Climate Change Impacts on Fertility
CIESIN 25th Anniversary Seminar Series: “Climate change impacts on fertility in low- and
An event in the CIESIN 25 th Anniversary series (https://www.cieisn.columbia.edu), and organized in collaboration with the Columbia Population Research Center (https://cprc.columbia.edu/).
Presenters: Côme Cheritel and Raya Muttarak
Côme Cheritel: Paris School of Economics, ENPC, France, and International Institute for Applied Systems Analysis, Austria, https://iiasa.ac.at/
Raya Muttarak: International Institute for Applied Systems Analysis, Austria, and University of Bologna, Department of Statistical Sciences, Italy
Based on a paper by Côme Cheritel, Roman Hoffmann and Raya Muttarak
Climate change has already affected human health and wellbeing. It is thus also possible
that it may directly or indirectly affect reproductive health and fertility. Few existing studies
on the impact of climate variability or extreme climatic events on fertility focusing on a single
country/location case study present inconsistent findings with negative climatic conditions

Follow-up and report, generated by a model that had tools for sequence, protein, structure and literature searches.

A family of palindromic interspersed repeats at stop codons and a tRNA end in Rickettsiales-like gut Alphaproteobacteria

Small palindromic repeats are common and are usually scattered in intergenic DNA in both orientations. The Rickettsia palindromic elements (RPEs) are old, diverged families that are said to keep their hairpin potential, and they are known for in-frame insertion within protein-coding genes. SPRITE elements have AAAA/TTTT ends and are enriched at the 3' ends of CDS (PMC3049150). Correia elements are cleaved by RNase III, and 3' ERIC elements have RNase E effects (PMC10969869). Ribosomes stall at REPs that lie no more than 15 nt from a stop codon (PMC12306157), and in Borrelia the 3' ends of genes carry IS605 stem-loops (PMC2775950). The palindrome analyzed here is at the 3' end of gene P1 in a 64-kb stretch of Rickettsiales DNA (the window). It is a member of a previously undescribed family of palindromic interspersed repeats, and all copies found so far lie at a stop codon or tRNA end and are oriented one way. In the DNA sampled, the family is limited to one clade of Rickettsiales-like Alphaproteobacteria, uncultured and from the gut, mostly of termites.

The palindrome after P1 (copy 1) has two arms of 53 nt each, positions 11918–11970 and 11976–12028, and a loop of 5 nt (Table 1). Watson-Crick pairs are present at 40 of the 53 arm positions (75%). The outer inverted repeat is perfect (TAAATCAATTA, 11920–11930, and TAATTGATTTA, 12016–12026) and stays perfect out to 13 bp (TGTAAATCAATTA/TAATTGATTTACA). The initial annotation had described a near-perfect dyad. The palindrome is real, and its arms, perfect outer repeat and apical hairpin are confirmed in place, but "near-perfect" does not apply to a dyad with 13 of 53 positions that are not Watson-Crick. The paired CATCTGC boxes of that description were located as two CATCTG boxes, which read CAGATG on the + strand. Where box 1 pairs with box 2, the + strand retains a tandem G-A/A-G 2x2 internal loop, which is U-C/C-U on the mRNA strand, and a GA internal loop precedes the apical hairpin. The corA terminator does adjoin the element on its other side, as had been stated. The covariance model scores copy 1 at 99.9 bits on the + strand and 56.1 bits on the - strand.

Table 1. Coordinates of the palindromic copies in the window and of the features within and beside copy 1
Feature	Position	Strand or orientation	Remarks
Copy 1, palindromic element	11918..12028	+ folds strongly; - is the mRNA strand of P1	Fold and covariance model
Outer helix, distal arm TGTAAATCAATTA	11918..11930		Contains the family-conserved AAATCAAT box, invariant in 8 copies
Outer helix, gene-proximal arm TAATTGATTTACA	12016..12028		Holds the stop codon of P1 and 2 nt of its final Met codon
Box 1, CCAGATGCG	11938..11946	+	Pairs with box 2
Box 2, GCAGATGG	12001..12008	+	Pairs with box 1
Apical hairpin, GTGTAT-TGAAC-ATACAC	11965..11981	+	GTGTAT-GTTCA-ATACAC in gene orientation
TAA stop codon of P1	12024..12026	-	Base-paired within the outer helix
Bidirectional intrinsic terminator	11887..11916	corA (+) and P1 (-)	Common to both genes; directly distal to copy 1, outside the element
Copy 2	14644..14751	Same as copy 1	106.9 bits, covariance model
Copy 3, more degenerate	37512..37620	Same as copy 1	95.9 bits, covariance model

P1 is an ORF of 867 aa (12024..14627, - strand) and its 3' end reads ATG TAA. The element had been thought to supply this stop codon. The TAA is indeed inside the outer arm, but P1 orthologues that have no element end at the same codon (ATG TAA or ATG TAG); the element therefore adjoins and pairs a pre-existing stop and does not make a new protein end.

leading to an increase in fertility on the one hand, and fertility decline on the other. To date,
there are no comprehensive cross-national empirical studies on the impacts of global warming
on fertility which are fundamental for tackling inconsistency in the findings. To perform such
analysis, harmonised data for a large number of countries are required. In particular, data
with a temporal and spatial granularity allowing matching of local climatic conditions with the
outcome of interest i.e., fertility, are needed. Such data, however, are not yet readily available
given a lack of data structure that is suitable (or easily adaptable) to deal with this problem.
While the census data can be used to derive fertility statistics, the data are collected over a
rather large time interval – often every 10 years – making it impossible to detect the effects
of climate change on fertility behaviour in a robust manner. Likewise, fertility statistics are
mainly available on a national scale, which masks regional heterogeneities that are of relevance
to capturing the local climate impact. In order to address this issue, this study aims to produce
a database of total fertility rate and age-specific fertility rate at the subnational level on a
monthly and annual basis.
This event will be hosted in person with limited capacity of 30 participants and via zoom. Advance registration is required.
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Light Lunch will be served for In-Person Participants starting at 12 pm
Alex de Sherbinin